3) Mega Man Zero
What I would consider the hardest of the Mega Man line of games, Mega Man Zero is a series that quite obviously stars Zero. It is set many moons after the events of the Mega Man X franchise and begins with a girl named Ciel awakening a hibernating Zero. The story involves a resistance putting up a fight against a xenophobic Neo Arcadia. Throughout the plot and the Mega Man series as a whole, the common thread is if humans and robots can coexist. On an interesting note, Mega Man Zero marks the first time a Mega Man series has had a definitive conclusion. As for the gameplay, it isn't that much of a dramatic departure of the Classic and X series. It's your standard run and gun, but this time Zero's performance is critiqued at the end of each mission based on time completed, damage taken, and Cyber Elves used. Scoring excellent ranks gives Zero new abilities. Although the scoring system is pretty harsh (once you get a C, it's pretty hard to push it up to an A over the course of the game), the Mega Man Zero series actively rewards players for continuing to work hard and strive to be better. If you don't wish to track down all four original Game Boy Advance carts, you can grab the Mega Man Zero Collection on the Nintendo DS which has the series on one game card with extras, an easy mode, and the ability to play through all four games consecutively.
2) Mega Man X
Most definitely the Mega Man series that I like the gameplay most out of any other, Mega Man X continues the tale of the Classic franchise and gives it a darker theme and more complex story with Reploids raging war and lives being lost. Mega Man X was a character who had much more mobility than his predecessor. He could climb walls, charge his X-buster (as well as the weapons he picked up from defeated Maverick bosses), dash, and even equip upgrades from hidden away capsules by Dr. Light. Such helpful benefits from the good doctor could be a midair dash, the ability to headbutt blocks, armor that provided double the defensive capabilities, and charged shot upgrades. Instead of Robot Masters, animal and object-themed Mavericks took residence in each game's eight primary levels. The X games also possessed a lot of secret goodies to uncover such as the aforementioned Dr. Light capsules, health-increasing Heart Tanks, and Sub Tanks that allowed X, Zero or later Axl to restore their health in battle. Later Mega Man X games experimented with 2 1/2D and 3D gameplay to varying degrees of success.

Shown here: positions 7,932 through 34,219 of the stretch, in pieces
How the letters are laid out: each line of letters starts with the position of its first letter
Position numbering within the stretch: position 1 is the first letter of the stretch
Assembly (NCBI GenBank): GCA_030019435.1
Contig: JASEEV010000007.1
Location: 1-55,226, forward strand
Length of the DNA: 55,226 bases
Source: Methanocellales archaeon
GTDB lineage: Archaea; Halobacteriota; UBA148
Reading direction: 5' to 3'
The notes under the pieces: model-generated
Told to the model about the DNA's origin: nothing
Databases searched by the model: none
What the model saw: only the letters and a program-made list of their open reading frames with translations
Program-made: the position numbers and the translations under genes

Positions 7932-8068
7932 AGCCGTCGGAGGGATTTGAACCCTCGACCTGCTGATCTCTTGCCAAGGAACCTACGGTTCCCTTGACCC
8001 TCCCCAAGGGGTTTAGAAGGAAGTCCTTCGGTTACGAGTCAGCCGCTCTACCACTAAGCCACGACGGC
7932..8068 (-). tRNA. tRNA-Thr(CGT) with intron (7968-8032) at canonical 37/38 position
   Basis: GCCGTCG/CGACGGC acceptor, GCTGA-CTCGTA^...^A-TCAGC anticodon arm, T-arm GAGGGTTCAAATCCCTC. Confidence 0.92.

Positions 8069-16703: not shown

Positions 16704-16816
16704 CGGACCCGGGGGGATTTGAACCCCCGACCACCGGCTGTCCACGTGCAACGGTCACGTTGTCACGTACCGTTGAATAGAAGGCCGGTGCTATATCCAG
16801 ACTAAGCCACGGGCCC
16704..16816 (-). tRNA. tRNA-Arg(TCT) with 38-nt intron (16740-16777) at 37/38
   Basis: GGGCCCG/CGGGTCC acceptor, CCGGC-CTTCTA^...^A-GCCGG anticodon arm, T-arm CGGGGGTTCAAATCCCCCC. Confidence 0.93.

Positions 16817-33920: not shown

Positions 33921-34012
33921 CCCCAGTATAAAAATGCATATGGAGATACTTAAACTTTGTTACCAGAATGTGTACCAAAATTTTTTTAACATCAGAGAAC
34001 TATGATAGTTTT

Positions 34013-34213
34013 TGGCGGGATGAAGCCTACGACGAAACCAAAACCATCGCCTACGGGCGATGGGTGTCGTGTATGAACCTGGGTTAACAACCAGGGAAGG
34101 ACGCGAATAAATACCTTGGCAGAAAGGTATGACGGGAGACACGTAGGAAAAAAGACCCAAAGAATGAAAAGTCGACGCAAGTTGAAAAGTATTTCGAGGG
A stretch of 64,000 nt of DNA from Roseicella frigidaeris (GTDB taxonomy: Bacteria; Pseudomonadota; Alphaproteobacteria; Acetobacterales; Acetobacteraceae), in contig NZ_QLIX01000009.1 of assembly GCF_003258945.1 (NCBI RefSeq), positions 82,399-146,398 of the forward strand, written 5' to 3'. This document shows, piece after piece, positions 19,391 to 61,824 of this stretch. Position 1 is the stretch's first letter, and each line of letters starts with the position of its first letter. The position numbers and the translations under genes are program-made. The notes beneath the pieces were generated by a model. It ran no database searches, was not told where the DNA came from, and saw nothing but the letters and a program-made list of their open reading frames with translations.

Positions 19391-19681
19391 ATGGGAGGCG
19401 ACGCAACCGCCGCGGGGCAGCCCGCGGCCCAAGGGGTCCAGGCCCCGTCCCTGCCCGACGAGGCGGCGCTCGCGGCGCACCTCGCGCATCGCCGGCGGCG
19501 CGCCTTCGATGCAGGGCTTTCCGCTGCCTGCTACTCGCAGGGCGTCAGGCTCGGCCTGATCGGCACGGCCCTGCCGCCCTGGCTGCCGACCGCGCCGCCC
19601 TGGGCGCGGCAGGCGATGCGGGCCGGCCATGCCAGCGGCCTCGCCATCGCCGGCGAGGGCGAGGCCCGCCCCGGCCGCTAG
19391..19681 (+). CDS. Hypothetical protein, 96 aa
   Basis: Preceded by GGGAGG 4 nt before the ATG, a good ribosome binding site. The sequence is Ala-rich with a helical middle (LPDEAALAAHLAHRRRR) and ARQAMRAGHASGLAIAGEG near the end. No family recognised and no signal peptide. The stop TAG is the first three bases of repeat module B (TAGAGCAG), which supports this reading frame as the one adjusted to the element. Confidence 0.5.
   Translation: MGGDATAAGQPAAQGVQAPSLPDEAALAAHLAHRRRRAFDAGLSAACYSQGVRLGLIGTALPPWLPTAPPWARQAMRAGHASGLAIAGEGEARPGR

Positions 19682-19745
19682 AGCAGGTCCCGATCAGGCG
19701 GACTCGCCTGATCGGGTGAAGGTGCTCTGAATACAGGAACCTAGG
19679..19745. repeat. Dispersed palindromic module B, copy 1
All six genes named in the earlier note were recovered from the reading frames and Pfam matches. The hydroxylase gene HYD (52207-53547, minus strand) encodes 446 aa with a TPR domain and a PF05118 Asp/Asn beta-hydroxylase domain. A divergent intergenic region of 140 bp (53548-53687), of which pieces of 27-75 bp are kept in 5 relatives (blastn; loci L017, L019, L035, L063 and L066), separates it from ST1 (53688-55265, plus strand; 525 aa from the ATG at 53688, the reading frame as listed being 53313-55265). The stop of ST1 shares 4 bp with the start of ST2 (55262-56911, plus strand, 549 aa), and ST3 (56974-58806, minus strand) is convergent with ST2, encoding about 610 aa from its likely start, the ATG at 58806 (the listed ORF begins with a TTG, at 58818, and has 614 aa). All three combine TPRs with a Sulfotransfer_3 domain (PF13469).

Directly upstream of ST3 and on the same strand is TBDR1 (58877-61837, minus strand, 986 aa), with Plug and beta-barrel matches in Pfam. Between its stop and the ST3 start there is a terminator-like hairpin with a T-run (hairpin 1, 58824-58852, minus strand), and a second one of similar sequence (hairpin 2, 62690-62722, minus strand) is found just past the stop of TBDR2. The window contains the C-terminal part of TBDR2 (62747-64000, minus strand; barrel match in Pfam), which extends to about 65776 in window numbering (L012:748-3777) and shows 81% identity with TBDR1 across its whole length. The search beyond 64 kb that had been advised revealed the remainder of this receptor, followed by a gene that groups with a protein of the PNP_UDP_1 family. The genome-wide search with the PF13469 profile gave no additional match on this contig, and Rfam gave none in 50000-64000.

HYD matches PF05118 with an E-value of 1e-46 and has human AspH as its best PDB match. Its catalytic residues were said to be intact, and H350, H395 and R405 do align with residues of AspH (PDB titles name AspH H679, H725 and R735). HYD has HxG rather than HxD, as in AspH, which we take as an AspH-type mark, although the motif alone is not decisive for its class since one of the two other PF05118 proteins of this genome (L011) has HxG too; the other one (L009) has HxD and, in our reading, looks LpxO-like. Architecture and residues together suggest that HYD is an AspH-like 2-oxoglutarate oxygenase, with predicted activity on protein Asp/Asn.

1) Mega Man (Classic)
My mind was a battle zone between thoughts of Mega Man X prevailing and Classic Mega Man being listed as number one. While I do enjoy the gameplay of X over the Classic series, there really hasn't been a stinker in the mainline Classic Mega Man games while there has been with the Mega Man X games (notably Mega Man X6 and X7). The original Mega Man was an incredibly novel experience. Instead of playing through a linear order of levels, players are allowed to choose from one of six Robot Masters (all future installments would provide a choice of eight). Each Robot Master has its own weakness. By defeating the boss in a given stage, Mega Man would acquire their signature weapon to use in the other levels. For instance, Elec Man has a huge weakness against Cut Man's Rolling Cutter weapon. It would take much fewer Rolling Cutter attacks to defeat Elec Man than any other weapon. (In fact, the other Robot Master weapons would hardly put up much of a fight at all.) This rock-paper-scissors type gameplay makes the strategy of playing the levels in the correct order all the more important. Of course, expert players can opt to play through the game's levels in any order they want for added challenge. Even Mega Buster-only, Mega's primary weapon, runs are commonplace. The Mega Man series had a bit of a renaissance several years ago when Inti Creates developed a bit of a retro revival of the Classic games, releasing Mega Man 9 and later on Mega Man 10 on digital platforms. The games returned to the 8-bit style of the first six Mega Man titles (7 and 8 were more modern takes on the franchise).
Are you a fan of Mega Man? What are you favorite Mega Man franchises/spinoffs? What do you think of Capcom's treatment of the franchise in recent years? Let the SPC community know in the comments section.